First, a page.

The GREAT Act authorizes the Secretary of Education to make grants to states that want to innovate teacher and principal preparation. And it calls on states to designate authorizers that would be responsible for approving and monitoring the academies and provide subgrants to the approved preparation academies. As with the authorizers’ role for charter schools, if an academy failed to produce the minimum number (or percent) of effective teachers or principals as specified in the charter, then the body would not renew an academy’s charter. According to the bill, authorizers could be non-profit organizations, state educational agencies, or another public entity. Authorizers could also be a consortium of entities.
Several organizations have co-signed a letter of support for this legislation—none of which are big surprises considering the bill. The list includes Teach for America, New Leaders for New Schools and the New Teacher Project as well as several charter school networks including the Knowledge is Power Program, Success Charter Network and Uncommon Schools, and residency models such as Urban Teacher Residency United and Boston Teacher Residency.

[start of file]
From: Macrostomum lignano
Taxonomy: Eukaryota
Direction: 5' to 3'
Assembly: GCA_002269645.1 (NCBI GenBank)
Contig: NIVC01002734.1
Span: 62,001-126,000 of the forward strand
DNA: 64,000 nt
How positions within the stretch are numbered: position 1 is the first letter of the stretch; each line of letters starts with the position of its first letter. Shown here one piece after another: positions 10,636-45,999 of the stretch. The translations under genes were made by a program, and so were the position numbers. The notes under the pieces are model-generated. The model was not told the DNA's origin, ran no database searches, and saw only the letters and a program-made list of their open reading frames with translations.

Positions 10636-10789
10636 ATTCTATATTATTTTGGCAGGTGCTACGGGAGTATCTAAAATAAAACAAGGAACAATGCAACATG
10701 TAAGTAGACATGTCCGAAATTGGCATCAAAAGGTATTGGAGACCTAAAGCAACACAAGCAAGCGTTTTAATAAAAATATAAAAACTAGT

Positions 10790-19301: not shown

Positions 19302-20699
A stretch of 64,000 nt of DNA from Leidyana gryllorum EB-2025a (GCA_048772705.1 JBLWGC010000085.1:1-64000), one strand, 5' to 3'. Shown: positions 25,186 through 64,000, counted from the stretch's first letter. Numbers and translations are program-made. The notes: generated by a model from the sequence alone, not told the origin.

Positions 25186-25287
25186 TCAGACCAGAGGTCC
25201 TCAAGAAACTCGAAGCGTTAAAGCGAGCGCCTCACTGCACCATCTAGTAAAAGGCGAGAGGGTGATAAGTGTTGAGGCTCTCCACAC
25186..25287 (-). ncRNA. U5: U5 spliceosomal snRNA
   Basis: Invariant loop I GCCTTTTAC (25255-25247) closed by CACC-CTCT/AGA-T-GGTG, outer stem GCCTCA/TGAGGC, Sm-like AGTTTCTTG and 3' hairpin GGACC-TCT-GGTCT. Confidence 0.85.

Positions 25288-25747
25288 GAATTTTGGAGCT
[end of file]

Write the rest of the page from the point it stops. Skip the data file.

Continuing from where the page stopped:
Missing from the list of supporters, though, are the national teachers unions, (the National Education Association and the American Federation of Teachers), national accreditation bodies, and the organization that represents education schools, the American Association of Colleges of Teacher Education (AACTE).
On the same day as the introduction of this bill, the AACTE held a briefing where they discussed the importance of clinical preparation. The AACTE’s vision for the future of practical experiences for teachers in training shares one similarity with what is called for in the GREAT Act: more clinical practice.
The ideas diverge, however, when it comes to the kinds of organizations that should deliver the preparation.
The bill is intriguing, but it raises loads of questions.
How would prospective teachers and principals demonstrate their ability to improve student achievement? There’s not yet an established way to do this for reliably for teachers of record or acting principals, much less for those training to fill those roles. How would academies select candidates? Research shows a strong correlation between teachers’ verbal ability and student achievement but there is no definitive answer on how to determine who will be the best teachers or principals, especially of high-needs children.